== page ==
Q&A: Writer/Director Antonio Méndez Esparza on LIFE AND NOTHING MORE


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Antonio Méndez Esparza never thought he would make a film in the United States. But after making his first feature, 2012’s Aquí y allá: Here and There, winner of the Critics Week Grand Prize at the Cannes Film Festival, the Spanish director found himself living in the US. Taking a job teaching at Florida State University’s film school and settling in Tallahassee changed his perspective. He decided Florida was the right location for his next work, one employing a documentary style and using a non-professional cast as he’d done in his debut. The result is Life and Nothing More, a drama in which single mother Regina (Regina Williams) struggles to raise two children on her minimum-wage waitressing job and keep her eldest, 14-year-old Andrew (Andrew Bleechington)—whose father is incarcerated—on the straight and narrow. Here, Esparza talks about his latest feature, the winner of the John Cassavetes Award at the 2018 Film Independent Spirit Awards.

Q: Why a single mom?

A: We sometimes have these instincts that are hard to explain. You write a poem or you paint a picture. Sometimes it’s just something that you feel. The first reaction is unexplainable to a certain degree. Even to myself. Is because of my relationship with my mom?  My wife was a single mom when I met her, so that gave me a little insight to what her daily life was. But all of these explanations come as an afterthought in a way. There is a seed lurking, moving inside you that pushes you to that. Then you try to explain why, but it’s never a straight line for me. Also, in the context of this film, it’s me trying to understand the US. The US is maybe too big. It’s me trying to understand the place where I live, Tallahassee.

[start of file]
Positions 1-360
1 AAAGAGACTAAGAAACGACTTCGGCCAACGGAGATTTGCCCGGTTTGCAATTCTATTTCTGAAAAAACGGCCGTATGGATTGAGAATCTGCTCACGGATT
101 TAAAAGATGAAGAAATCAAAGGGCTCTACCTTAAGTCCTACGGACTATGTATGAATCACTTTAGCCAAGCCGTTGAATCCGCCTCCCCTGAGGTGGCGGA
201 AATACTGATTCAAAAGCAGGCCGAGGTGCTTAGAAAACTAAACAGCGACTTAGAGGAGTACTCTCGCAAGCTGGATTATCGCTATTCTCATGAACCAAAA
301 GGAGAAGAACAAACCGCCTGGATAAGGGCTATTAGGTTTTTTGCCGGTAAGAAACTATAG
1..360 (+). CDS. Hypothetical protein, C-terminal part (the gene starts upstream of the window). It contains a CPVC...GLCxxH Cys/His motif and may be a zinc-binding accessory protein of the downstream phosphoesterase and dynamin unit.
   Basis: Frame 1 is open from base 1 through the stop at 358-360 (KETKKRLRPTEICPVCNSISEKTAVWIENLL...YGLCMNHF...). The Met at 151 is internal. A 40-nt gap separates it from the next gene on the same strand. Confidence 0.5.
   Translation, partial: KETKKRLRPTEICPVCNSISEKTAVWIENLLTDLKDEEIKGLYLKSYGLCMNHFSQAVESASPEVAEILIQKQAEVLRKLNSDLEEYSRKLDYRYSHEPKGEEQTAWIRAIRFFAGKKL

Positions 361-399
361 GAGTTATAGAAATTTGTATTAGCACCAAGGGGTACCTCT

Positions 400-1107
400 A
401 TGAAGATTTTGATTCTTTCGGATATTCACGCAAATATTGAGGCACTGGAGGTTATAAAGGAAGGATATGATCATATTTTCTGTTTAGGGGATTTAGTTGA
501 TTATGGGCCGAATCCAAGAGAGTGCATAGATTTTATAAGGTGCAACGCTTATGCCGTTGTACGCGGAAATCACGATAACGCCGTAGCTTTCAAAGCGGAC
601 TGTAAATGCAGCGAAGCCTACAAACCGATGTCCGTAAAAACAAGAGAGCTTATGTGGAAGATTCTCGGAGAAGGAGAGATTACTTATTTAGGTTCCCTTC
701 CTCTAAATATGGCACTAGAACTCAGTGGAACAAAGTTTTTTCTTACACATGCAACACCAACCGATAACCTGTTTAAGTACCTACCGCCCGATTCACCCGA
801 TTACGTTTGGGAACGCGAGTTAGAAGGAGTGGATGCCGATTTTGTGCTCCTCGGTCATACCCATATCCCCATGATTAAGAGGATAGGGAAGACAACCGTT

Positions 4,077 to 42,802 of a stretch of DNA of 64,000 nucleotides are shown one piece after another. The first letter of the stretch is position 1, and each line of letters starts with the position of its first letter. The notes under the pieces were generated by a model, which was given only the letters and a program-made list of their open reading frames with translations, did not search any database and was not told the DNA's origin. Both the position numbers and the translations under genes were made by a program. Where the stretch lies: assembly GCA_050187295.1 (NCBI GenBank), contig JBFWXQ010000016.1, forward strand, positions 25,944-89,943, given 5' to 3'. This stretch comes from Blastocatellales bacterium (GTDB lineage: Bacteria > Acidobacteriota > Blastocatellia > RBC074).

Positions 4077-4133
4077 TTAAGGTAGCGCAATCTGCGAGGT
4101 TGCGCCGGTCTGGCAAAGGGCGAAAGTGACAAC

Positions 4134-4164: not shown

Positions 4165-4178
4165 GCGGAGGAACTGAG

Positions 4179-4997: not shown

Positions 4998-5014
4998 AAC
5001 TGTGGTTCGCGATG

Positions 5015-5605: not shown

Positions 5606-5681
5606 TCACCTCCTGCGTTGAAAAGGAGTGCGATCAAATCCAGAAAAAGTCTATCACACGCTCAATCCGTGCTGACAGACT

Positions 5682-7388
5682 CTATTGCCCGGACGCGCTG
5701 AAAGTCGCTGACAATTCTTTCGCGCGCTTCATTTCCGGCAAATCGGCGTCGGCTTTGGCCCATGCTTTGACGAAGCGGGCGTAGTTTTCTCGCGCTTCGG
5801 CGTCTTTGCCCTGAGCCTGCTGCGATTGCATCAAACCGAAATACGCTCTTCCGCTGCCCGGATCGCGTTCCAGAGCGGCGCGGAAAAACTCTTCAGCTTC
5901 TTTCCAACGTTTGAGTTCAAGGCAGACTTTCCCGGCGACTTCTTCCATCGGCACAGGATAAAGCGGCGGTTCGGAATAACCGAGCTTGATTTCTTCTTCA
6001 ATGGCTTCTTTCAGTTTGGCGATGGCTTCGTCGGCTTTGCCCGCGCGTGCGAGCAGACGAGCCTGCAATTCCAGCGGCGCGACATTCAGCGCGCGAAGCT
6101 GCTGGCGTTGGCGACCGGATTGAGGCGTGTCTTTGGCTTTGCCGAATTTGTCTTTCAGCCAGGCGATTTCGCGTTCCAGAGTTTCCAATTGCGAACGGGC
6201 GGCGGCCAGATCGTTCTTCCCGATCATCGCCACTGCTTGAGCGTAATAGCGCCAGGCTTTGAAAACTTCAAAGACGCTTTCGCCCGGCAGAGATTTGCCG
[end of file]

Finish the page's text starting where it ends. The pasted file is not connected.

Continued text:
Q: Your story is clearly drawn from life. Who did you talk to? Where did your characters come from?

A: From the many interviews I did over the year and a half when I was casting. The whole process was very slow. Now when I look at the film and it’s finished and perhaps one may think, ‘That’s what he intended.’ But in a way, the movie was supposed to be about a single mom, and then over the course of it, it became about much more.  It was really all based on encounters I had with many different people. In a way, every scene has a little story—like some of the men they weren’t offended by the story of a single mom, but they told me, ‘We’re fathers. We’re not bad. We’re trying to do good.’ Many of them had been raised by single moms, and they were trying to do better with their kids.